— Peter Leithart, Solomon among the Postmoderns

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For the subjectivist, value judgments don’t apprehend anything. There is no feature of the world that would make them true or false, since they merely express private feeling. It follows that your moral and aesthetic outlook can’t become more discerning. It can’t deepen or mature, it can only change.

— Matthew Crawford, The World Beyond Your Head: On Becoming and Individual in an Age of Distraction

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To see where they lead

What the seed is to the fruit, the premise is to the conclusion. Many of us might never be able to distinguish one variety of seed from another, but we have no trouble in telling an apple from a pear or a cauliflower from a cabbage.

The same is true of presuppositions and conclusions. Find out what people in doubt are believing wrongly and help them follow the logic of these presuppositions to their necessary conclusion. Challenge them to check the full-blown consequences of their ideas to see where they lead.

— Os Guinness, God in the Dark

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[Post-Enlightenment] people now believed we were not created primarily to serve God for his benefit. Rather, God had made the world for our benefit. But, Taylor goes on, it was this deistic concept of God—not so much the traditional Christian view—that the Lisbon earthquake threw into crisis. He wrote:

Once we claim to understand the universe and how it works; once we even try to explain how it works by invoking its being created for our benefit, then this explanation is open to clear challenge. . . . In Lisbon, 1755, it seems clearly not to have [worked for our benefit]. So the immanent order ups the ante.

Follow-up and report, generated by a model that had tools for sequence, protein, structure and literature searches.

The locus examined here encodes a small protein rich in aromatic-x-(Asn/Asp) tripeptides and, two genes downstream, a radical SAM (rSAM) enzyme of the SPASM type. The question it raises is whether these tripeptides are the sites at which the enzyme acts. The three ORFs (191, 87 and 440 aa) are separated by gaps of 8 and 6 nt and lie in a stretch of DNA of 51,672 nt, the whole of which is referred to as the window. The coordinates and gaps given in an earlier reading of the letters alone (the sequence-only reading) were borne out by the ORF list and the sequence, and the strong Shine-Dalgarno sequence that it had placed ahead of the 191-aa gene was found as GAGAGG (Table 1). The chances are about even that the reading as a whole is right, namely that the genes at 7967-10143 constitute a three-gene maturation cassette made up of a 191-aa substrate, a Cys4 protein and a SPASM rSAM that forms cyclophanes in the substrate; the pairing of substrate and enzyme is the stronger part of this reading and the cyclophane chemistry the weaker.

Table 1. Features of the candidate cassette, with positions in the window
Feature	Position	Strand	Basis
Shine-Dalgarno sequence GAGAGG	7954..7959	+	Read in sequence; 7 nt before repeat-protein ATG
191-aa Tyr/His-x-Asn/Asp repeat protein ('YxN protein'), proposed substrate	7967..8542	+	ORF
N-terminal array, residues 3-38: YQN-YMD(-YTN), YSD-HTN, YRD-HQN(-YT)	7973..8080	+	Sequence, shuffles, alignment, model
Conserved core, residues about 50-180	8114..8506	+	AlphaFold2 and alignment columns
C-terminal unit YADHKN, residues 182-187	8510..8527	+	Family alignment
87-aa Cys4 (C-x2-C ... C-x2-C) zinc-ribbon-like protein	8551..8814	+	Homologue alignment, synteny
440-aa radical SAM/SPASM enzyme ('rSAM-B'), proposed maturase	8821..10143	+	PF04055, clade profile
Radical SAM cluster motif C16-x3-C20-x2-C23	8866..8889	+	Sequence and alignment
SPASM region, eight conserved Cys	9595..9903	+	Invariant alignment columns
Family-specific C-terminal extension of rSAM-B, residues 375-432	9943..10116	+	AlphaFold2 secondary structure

If you believe that the world was made for our benefit by God, then horrendous suffering and evil will shake your understanding of life. Horrendous evil is now a much bigger problem for those with a residue of Christianity—with a belief in a distant God who exists for our benefit—than it was for a full-blown orthodox faith not weakened by the immanent frame. In other words, suffering and evil disprove God’s existence only if you have a particular view of God that is already a departure from the more traditional, orthodox view. The skeptical conclusion is largely inherent in the premises. You could argue that, within the immanent frame, the game is rigged against the God of the Bible when we come to evil and suffering.

— Timothy Keller, Walking with God through Pain and Suffering